Two-year-long sea level rise along N.J. coast an ‘extreme’ event, study says

In much of the measurable world, a four-inch change — about the length of the screen on an old iPhone — doesn’t amount to much. But in oceanography, it’s huge, and a new study published this week shows that sea levels along the east coast jumped up to four inches and stayed that way for two…

Posted: February 26th, 2015 | Author: | Filed under: Environment | Tags: , , , | 1 Comment »

One Comment on “Two-year-long sea level rise along N.J. coast an ‘extreme’ event, study says”

  1. Mike Harmon said at 9:15 am on February 26th, 2015:

    As a kid my friends and I were rabbit hunting with bows and arrows in Middletown near Highway 35 (luckily for us there was a McDonalds nearby as we were not the best shots) There was a hill which rose up from the overgrown field probably plowed as it contained lots of rocks and peanut stone. We noticed some bones and teeth which we brought to our science teacher at Middletown North. He identified the teeth as sharks teeth. We went back and dug in the hill hundreds of teeth were exposed. No man-made global warming or cow farts caused the ocean to cover a good part of south Jersey.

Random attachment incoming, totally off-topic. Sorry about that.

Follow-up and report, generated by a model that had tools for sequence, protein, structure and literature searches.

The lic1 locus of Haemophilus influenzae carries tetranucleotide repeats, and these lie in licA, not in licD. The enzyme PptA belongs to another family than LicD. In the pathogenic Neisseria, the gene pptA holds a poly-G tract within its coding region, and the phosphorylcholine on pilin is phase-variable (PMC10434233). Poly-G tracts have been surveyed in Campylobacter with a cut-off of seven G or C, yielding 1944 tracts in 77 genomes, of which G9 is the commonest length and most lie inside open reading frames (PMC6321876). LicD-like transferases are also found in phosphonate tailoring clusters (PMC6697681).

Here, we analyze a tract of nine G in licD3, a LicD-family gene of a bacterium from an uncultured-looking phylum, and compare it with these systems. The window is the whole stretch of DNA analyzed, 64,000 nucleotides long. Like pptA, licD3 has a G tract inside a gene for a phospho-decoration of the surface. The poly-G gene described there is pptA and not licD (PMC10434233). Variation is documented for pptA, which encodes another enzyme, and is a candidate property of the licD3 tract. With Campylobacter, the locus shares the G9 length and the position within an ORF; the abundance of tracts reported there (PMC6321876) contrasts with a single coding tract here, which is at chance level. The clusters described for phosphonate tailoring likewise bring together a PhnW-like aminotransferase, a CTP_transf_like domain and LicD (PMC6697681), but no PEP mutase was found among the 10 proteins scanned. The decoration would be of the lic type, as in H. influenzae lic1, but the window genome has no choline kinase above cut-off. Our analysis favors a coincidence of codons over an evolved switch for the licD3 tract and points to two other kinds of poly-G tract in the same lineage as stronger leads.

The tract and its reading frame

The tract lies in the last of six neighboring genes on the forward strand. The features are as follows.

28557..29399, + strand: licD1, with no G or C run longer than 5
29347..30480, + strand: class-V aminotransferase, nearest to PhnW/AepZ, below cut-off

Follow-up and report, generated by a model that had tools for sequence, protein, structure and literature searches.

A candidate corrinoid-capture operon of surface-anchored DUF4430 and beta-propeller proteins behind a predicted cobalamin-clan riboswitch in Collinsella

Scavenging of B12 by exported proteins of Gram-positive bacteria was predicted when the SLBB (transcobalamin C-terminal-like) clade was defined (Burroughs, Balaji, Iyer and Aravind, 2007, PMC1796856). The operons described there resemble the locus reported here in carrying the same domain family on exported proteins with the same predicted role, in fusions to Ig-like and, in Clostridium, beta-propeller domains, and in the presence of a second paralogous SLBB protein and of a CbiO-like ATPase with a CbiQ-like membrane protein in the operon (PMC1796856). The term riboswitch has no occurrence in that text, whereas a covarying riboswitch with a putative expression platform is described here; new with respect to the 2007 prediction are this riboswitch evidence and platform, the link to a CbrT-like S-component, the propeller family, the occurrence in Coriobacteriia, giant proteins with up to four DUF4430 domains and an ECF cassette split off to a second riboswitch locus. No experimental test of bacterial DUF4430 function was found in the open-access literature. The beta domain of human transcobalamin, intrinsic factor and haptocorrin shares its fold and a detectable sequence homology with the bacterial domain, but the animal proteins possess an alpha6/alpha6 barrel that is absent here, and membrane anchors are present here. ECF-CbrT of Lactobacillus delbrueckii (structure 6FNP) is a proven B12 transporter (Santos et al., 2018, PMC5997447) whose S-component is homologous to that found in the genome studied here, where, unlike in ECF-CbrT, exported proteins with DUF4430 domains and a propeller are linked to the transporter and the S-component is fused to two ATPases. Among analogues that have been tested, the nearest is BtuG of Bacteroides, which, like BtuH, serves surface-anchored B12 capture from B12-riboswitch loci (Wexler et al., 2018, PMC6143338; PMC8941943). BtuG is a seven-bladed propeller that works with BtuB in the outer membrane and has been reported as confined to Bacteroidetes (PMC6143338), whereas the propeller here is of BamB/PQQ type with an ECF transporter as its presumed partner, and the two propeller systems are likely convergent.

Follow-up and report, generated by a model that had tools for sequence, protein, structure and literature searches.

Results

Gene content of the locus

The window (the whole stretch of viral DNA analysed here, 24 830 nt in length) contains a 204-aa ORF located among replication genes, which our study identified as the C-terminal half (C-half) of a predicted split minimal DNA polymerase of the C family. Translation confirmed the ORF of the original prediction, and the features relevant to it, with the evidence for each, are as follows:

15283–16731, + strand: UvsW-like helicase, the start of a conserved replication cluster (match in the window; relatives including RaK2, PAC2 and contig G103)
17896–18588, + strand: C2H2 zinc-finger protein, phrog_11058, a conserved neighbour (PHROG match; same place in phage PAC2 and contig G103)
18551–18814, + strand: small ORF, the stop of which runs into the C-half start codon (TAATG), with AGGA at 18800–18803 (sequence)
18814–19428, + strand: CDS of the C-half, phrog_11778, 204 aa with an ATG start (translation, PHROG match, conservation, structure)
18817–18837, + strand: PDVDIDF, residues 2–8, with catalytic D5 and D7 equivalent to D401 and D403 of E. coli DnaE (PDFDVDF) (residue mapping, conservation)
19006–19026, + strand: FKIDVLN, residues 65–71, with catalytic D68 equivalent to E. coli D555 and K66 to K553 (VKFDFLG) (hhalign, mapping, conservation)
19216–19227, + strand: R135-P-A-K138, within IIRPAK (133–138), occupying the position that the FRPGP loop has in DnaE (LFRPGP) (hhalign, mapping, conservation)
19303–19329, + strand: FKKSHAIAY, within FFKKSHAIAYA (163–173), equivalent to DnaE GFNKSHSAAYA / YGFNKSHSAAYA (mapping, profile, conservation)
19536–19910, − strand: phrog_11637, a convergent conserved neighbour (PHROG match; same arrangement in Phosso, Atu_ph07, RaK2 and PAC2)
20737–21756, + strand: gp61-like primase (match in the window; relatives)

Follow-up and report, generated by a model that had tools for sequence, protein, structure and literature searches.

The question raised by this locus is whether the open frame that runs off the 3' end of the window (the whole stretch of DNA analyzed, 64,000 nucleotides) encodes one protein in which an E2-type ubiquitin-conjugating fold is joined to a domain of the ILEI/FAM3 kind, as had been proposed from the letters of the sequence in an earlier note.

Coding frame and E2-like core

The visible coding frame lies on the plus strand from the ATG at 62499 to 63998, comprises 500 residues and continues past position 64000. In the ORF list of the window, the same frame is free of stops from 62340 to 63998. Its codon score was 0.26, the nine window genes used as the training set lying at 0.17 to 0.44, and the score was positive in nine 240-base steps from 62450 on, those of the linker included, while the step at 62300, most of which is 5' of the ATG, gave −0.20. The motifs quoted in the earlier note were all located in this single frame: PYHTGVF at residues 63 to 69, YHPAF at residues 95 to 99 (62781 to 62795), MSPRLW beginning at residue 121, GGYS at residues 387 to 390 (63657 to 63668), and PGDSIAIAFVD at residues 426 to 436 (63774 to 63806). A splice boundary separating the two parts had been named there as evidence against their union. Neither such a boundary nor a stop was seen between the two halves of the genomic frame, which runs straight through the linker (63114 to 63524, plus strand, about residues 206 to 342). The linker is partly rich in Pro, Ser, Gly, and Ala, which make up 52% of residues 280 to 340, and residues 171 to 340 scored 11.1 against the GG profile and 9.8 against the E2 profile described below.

Only 12,500 years ago the edge of the Wisconsin Glacier rested on Manhattan with an estimate 1,000 high wall of ice. As the glacier retreated into Canada it carved out much of NJ leaving lots of glacier lakes and all those round boulders you can find in Morris, Sussex and even parts of Northern Monmouth County.

    So the oceans will rise and fall and it is best to be prepared and adapt. It is also important to not squander our precious resources and protect our air and water quality. I for one am more concerned about the NYC building boom and all the sewage filling our waterways and crap washing up on our shoreline. Downstream issues never concern NYC or Newark much.

    When you walk the Hudson Trail near Atlantic Highlands, if you look closely you will see all the wash ups from the storm and sewer drains such as red rubber balls that went into the storm drain, tampon applicators and all types of debris.